Previously using a native MS approach, we showed that the salt-transporter NhaA required a lipid called cardiolipin to help to glue the protein together (Nature. 2017 541:421; Nat Commun 8:13993). We wondered if we could also use a thermal-shift assay to detect this lipid-dependent oligomerization and indeed we could! We developed the GFP-TS assay, which is a really nice complementation to native MS. Using this assay, we measured the stability of a number of bacterial and eukaryotic membrane proteins, mostly transporters. Our data suggests that eukaryotic membrane proteins may not be that much more unstable than bacterial membrane proteins in native membranes, but become comparatively more unstable after purification. We interpret this data to suggest that eukaryotic membrane proteins have evolved to be more sensitive to their lipid environment and this “sensitivity" is important for fine-tuning their dynamics and functional activity.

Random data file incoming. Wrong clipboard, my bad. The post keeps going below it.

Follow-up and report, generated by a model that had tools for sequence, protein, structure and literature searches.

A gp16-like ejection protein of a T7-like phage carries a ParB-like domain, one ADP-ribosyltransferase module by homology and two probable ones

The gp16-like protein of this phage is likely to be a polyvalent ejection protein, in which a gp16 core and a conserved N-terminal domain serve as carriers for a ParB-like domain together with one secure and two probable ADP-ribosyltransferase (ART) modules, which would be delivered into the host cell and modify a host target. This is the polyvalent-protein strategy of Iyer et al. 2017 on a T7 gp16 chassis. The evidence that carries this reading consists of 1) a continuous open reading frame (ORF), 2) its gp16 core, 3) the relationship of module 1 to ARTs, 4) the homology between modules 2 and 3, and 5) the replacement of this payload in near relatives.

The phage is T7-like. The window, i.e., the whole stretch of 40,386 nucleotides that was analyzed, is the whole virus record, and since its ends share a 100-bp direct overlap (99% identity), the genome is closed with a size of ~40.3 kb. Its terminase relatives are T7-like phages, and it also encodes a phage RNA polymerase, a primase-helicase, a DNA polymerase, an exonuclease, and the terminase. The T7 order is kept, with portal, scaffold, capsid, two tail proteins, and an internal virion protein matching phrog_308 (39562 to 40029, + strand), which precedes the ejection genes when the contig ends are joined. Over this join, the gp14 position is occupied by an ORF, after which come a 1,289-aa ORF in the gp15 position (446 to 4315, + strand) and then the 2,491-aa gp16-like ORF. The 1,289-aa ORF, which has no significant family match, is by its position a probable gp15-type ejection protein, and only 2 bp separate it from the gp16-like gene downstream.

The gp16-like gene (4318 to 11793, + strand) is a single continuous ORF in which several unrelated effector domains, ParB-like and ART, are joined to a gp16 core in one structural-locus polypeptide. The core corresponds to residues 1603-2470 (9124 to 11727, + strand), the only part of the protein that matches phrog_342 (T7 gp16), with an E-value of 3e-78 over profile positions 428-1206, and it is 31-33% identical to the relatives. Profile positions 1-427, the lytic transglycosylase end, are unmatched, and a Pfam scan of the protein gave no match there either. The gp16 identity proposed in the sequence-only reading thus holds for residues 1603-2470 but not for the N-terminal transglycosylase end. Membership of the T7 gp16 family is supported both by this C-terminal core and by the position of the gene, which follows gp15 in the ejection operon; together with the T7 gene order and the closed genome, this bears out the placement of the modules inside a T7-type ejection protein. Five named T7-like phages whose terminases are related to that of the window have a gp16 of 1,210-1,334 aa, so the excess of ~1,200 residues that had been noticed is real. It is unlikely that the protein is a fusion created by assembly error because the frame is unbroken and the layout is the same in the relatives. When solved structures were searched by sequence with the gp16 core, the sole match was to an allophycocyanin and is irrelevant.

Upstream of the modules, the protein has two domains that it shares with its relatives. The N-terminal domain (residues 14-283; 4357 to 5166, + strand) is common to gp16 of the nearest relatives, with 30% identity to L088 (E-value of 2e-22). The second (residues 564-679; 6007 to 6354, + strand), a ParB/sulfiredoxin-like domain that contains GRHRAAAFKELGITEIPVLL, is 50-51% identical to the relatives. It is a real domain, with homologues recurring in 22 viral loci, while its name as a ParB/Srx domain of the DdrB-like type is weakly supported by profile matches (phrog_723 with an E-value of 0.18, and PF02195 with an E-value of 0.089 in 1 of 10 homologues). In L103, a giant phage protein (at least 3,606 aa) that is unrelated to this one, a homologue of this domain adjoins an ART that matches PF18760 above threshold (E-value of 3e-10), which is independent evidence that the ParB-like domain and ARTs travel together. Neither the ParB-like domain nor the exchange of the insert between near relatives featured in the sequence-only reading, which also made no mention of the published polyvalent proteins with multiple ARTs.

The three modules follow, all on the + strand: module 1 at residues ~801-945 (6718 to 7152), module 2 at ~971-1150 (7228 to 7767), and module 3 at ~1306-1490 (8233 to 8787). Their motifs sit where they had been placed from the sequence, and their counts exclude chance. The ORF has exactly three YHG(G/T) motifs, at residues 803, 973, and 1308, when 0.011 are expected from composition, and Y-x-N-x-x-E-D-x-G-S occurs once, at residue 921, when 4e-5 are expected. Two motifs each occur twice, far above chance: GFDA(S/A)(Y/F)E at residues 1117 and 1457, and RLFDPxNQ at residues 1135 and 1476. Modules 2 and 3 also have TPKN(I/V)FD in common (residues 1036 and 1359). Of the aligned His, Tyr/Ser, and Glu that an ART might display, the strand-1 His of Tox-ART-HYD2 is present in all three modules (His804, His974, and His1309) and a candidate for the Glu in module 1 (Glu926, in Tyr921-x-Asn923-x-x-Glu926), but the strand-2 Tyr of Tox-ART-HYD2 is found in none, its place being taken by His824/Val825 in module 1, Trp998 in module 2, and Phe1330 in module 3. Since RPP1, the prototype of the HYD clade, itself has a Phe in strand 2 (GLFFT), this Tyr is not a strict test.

The study was published in Nature Communications

 https://www.nature.com/articles/s41467-018-06702-3

 

 

The GFP-Thermal Shift assay